Daily Dispatches
Pat Bowlen celebrates after his Denver Broncos defeat the New England Patriots in the 2014 AFC Championship game.
Photo by Doug Pensinger/Getty Images
Pat Bowlen celebrates after his Denver Broncos defeat the New England Patriots in the 2014 AFC Championship game.

Alzheimer’s sidelines NFL owner known for his philanthropy


NFL Hall of Famer Gary Zimmerman realized Pat Bowlen was a different type of owner when he signed up for a turkey during his first Thanksgiving with the Denver Broncos, thinking it was all a joke. “Then I come into the locker room and there’s Pat sticking turkeys into our lockers,” Zimmerman recounted last year.

But Bowlen hasn’t been showing up for work as he always has, and the Denver Broncos announced Wednesday that “Mr. B.” was giving up control of the team because of Alzheimer’s disease. Team president Joe Ellis, who will take over as CEO, said Bowlen has dealt with the condition privately for several years.

“This place will never be the same,” a choked-up general manager John Elway said. “It’s going to be very hard to not see him walk through the front doors every day.”

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Bowlen acknowledged some short-term memory loss in 2009 and stepped back from day-to-day operations in 2011 when he promoted Ellis to president. While it’s not clear how advanced Bowlen’s Alzheimers is, his wife Annabel was the only family member to speak publicly through the Broncos.

“He has strongly believed, and often said, ‘It’s not about me,’” she said. “Alzheimer’s has taken so much from Pat, but it will never take away his love for the Denver Broncos and his sincere appreciation for the fans.”

Bowlen bought the Broncos from Edgar Kaiser in 1984 for $78 million, likely saving the franchise from bankruptcy. He’s seen few controversies, and Bowlen’s affable personality endeared him to employees and players alike. Under his guidance, the Broncos won 60 percent of their games, six AFC titles, and two Super Bowls.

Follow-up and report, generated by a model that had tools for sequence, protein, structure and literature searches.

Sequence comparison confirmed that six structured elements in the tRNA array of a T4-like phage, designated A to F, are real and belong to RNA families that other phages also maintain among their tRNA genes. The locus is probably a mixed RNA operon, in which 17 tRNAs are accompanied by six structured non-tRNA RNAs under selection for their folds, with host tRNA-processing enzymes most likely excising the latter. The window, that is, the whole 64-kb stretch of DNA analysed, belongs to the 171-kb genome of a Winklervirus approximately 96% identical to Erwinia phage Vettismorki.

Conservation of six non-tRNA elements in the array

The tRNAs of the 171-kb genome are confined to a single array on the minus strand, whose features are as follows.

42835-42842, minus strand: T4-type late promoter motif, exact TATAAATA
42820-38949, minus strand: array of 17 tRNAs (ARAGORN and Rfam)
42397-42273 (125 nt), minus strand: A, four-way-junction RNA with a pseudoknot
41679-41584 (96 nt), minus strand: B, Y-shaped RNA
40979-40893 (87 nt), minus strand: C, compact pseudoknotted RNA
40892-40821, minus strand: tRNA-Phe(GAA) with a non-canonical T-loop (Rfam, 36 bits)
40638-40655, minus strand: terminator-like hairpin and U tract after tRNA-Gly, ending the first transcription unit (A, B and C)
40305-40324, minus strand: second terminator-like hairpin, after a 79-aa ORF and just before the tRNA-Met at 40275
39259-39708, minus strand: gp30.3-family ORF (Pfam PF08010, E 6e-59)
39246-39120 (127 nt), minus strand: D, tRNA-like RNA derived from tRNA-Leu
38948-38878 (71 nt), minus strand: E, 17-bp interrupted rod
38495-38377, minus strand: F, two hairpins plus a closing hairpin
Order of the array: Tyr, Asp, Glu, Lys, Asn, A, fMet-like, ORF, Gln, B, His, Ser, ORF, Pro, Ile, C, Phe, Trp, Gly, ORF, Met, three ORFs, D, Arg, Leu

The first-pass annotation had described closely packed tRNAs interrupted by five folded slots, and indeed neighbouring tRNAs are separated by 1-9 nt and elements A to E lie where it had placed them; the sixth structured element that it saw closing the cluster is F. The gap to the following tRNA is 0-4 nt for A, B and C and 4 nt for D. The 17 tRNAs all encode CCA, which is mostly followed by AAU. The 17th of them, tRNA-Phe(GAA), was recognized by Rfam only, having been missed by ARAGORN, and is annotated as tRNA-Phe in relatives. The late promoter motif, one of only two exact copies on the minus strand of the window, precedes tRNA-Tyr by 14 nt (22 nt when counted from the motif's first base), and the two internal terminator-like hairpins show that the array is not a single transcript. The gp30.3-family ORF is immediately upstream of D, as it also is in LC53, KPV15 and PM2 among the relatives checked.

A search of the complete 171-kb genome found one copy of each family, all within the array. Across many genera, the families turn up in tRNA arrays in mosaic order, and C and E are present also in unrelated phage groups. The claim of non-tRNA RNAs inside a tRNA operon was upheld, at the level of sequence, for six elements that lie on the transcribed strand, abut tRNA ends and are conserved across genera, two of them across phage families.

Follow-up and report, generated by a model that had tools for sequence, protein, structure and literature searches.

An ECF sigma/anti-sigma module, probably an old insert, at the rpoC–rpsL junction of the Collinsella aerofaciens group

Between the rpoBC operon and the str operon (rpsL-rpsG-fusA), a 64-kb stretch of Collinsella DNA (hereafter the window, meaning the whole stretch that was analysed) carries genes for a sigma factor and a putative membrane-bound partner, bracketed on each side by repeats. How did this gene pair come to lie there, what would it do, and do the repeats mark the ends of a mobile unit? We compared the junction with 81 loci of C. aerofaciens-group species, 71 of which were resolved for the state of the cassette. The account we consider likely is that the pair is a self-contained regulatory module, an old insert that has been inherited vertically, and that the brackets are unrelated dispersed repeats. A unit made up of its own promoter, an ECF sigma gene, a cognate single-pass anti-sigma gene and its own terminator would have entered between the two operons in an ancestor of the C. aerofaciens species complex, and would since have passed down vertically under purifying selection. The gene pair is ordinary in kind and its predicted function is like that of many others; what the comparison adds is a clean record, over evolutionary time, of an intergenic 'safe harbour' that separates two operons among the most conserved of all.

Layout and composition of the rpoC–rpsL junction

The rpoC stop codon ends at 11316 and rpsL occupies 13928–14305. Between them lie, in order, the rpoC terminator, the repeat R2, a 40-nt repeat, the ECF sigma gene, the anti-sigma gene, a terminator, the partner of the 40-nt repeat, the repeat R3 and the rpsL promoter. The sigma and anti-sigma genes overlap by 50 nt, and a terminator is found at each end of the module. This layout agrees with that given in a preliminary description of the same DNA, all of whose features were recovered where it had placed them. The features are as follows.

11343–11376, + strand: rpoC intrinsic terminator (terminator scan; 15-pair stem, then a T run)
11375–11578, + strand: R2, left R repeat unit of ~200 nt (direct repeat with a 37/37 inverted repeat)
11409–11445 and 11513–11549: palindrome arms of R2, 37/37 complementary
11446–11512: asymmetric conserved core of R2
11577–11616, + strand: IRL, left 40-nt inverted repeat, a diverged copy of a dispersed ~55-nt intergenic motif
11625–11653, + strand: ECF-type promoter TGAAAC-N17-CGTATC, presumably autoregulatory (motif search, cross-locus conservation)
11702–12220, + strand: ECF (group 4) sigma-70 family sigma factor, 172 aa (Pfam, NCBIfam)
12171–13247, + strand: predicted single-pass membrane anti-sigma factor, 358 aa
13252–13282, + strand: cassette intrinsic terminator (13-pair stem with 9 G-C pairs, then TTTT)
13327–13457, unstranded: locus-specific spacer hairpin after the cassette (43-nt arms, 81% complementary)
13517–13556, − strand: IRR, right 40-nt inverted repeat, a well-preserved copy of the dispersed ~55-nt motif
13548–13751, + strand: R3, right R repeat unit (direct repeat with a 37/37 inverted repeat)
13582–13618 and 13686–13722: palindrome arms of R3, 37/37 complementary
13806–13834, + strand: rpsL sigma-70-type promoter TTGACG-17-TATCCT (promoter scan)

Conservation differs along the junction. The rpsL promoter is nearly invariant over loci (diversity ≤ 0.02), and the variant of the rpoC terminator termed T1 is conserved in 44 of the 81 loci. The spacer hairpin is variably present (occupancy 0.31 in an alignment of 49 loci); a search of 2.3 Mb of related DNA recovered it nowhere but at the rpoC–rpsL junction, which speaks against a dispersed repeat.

Known as much for his humility as his competitive fire, Bowlen did his best to stay out of the spotlight even as he built a fan base that extends throughout the Rocky Mountain region. Mayor Michael Hancock, a decades-long friend, was a team mascot under Bowlen. “This city hasn't been the same since Pat's arrival," he told ABC7.

Friends described Bowlen as quiet and prone to generosity. His well-known philanthropy earned him the Mizel Institute's 2013 Community Enrichment Award. As chairman of the board of Denver Broncos Charities, Bowlen oversaw the Broncos invest more than $25 million in missions and hospitals, from blood drives to food banks.

That includes an ongoing relationship with the Denver Rescue Mission, a ministry “changing lives in the name of Christ by meeting people at their physical and spiritual points of need.” The mission bought an old hotel in 2005 for its long-term transitional programs, and the Broncos donated $150,000 to fund a youth center at the facility. The 990 square foot area is equipped with computers and tutors, and holds community programs and Bible studies. Team staff continue to volunteer at the mission, the Broncos say, and autumn anti-hunger drives will benefit the mission.

“I would be hard-pressed to believe that there’s an owner that cares more about his city, about his state, about his players than Mr. Bowlen does,” Hall of Famer Shannon Sharpe, who played 12 seasons with the Broncos, said last year when Bowlen received his Mizel award.

The Associated Press contributed to this report.

Andrew Branch
Andrew Branch

Andrew is a freelance writer living in Raleigh, N.C. He was homeschooled for 12 years and recently graduated from N.C. State University. He writes about sports and poverty for WORLD. Follow Andrew on Twitter @AndrewABranch.


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